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Stahls Automotive Foundation goes online during COVID-19 | Life

The beat goes on at Stahls Automotive Foundation despite the COVID-19 closure of the Chesterfield Township museum.

Daily demonstrations of museum music machines on social media and a recent video chat with Jim Edelman and Tom Daldin of the television show “Under the Radar Michigan” are helping keep the museum in the public eye.

Stahls Automotive Foundation is a nonprofit that preserves, restores and exhibits vintage vehicles, music machines and memorabilia of the 20th century. It is located at 56516 N. Bay Drive in Chesterfield Township.

Due to Centers for Disease Control and Prevention recommendations regarding COVID-19 and also governmental executive orders, the museum closed on March 17 according to Stahls Automotive Foundation’s General Manager Terri Coppens. The museum’s normal hours are every Tuesday 1 p.m. to 4 p.m. and the first Saturday of the month 11 a.m. to 4 p.m.

Coppens said that shortly after the museum was closed, she offered an online virtual tour walk through and played a few of the music machines. The tour can be seen on the museum’s Facebook at facebook.com/stahlsautomuseum/.

“Some people were asking about some of the music machines that they had not heard,” Coppens said “So I started doing one a day, every day. At 1 p.m. I would put up a new video of something.”

This led to requests from the public to see specific museum cars or hear certain music machines, which Coppens provided on YouTube or Facebook.

The online video chat with Jim Edelman and Tom Daldin of television’s “Under the Radar Michigan” took place on April 1, and is currently on Facebook for both the show and museum, Coppens said. Facebook for “Under the Radar Michigan” is at .facebook.com/UTRMichigan/. The show was scheduled to visit the museum the week of April 6 but due to the COVID-19 “Stay Home, Stay Safe” executive order, the visit was rescheduled as a video chat.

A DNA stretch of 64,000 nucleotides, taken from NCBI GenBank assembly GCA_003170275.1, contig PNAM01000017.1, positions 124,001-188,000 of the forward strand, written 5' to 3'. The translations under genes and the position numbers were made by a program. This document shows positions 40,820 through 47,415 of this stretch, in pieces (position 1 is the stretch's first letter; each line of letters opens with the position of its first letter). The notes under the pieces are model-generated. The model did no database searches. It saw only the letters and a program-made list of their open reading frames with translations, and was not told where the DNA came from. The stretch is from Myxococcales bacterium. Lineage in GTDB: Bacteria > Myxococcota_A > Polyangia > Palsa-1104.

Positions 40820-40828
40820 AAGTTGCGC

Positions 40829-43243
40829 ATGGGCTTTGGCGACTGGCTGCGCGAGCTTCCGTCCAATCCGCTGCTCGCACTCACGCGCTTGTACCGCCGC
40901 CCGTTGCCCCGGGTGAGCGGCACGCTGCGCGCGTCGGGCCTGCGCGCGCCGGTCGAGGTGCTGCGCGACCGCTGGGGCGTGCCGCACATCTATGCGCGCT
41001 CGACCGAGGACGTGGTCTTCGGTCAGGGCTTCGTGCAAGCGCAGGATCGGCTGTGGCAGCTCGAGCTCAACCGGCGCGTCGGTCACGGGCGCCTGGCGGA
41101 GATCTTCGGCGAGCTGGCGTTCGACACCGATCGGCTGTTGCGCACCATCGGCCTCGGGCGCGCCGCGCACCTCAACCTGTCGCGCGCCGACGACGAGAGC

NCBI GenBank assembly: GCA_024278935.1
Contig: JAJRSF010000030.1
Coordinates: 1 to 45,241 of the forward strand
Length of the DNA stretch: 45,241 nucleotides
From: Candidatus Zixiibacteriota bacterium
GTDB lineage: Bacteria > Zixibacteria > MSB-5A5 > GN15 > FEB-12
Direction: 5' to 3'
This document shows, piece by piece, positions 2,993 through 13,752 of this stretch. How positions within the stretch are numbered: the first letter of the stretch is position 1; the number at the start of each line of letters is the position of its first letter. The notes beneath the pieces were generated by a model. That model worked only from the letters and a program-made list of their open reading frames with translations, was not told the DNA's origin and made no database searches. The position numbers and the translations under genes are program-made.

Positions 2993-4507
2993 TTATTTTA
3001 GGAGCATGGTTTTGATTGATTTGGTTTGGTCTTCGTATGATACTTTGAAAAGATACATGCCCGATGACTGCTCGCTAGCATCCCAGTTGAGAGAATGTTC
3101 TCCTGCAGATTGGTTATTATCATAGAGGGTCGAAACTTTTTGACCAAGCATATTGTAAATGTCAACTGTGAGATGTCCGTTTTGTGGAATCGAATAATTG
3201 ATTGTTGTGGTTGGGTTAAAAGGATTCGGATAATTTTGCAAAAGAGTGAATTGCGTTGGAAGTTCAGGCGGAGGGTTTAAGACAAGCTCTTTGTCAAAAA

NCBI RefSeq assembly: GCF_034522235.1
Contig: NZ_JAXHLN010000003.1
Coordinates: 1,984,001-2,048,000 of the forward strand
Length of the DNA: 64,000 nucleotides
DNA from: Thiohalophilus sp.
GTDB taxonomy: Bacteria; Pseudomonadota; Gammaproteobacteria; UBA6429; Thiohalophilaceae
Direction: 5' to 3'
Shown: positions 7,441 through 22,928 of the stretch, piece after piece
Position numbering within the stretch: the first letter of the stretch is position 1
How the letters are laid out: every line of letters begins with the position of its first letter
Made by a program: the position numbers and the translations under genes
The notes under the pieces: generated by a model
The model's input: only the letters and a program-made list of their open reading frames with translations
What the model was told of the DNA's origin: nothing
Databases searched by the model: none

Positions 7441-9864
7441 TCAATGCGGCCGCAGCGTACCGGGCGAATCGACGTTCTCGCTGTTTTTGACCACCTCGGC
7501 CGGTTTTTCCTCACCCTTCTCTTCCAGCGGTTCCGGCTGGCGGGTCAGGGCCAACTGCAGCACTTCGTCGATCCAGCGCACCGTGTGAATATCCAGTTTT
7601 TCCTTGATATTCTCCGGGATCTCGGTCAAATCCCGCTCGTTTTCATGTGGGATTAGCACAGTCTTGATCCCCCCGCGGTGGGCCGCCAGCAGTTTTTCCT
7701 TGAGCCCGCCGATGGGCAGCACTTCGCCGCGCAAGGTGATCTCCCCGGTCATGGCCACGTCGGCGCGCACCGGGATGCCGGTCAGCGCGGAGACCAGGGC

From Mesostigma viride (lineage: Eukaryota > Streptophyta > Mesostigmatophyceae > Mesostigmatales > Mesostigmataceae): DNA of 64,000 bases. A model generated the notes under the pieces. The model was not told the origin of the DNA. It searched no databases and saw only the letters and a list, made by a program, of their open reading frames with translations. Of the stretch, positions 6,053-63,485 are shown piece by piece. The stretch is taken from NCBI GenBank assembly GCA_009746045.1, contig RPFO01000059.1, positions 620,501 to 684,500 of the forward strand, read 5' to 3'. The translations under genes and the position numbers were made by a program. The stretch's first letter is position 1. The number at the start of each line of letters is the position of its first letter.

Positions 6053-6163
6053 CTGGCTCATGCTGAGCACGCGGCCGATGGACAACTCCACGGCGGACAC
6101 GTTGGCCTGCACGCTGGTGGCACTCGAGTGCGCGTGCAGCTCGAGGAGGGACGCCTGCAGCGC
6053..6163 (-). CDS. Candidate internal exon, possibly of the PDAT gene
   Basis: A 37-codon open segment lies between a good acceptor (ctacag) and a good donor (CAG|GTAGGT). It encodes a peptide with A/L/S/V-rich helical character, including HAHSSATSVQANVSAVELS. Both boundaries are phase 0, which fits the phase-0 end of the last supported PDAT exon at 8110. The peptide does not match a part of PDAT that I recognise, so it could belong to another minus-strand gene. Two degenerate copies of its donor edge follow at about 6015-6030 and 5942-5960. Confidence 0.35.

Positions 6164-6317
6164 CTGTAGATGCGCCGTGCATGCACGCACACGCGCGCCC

One item featured during the video is the museum’s 1919 Pierce-Arrow 66 A-4 touring car, which was built for silent film star Roscoe C. “Fatty” Arbuckle. It was meant to be available for public viewing after its recent appearance at the 2020 Amelia Island Concours d’Elegance in Florida, and the public will be able to see it in person at such time when the museum is able to reopen.

The car was custom built for Arbuckle and the coachwork was an early design by Harley J. Earl for Don Lee Coachbuilders of southern California. Earl moved on to become a designer for GM. The vehicle’s chassis has a 147.5 inch wheelbase and the vehicle has 36 inch tires.

The gas tank holds 32 gallons and the car seldom got more than four miles to the gallon. Coppens said that the vehicle had been held for the museum by someone else, but that it was specifically requested to appear at the 2020 Amelia Island Concours d’Elegance, which was held March 8. The car was shipped back to Michigan and arrived at the museum after the closure, Coppens said.

The museum also recently acquired within the last few month a second dehumidification system. The new dehumidification system is for the museum’s main room, which helps with preservation of the museum’s items and allows them to be fairly dust free, according to Coppens. Coppens said that the museum has been sanitized and will be sanitized again before reopening. She also said that the museum will continue its donation only admission policy upon reopening.

Nicole Tuttle is a freelance reporter for The Voice

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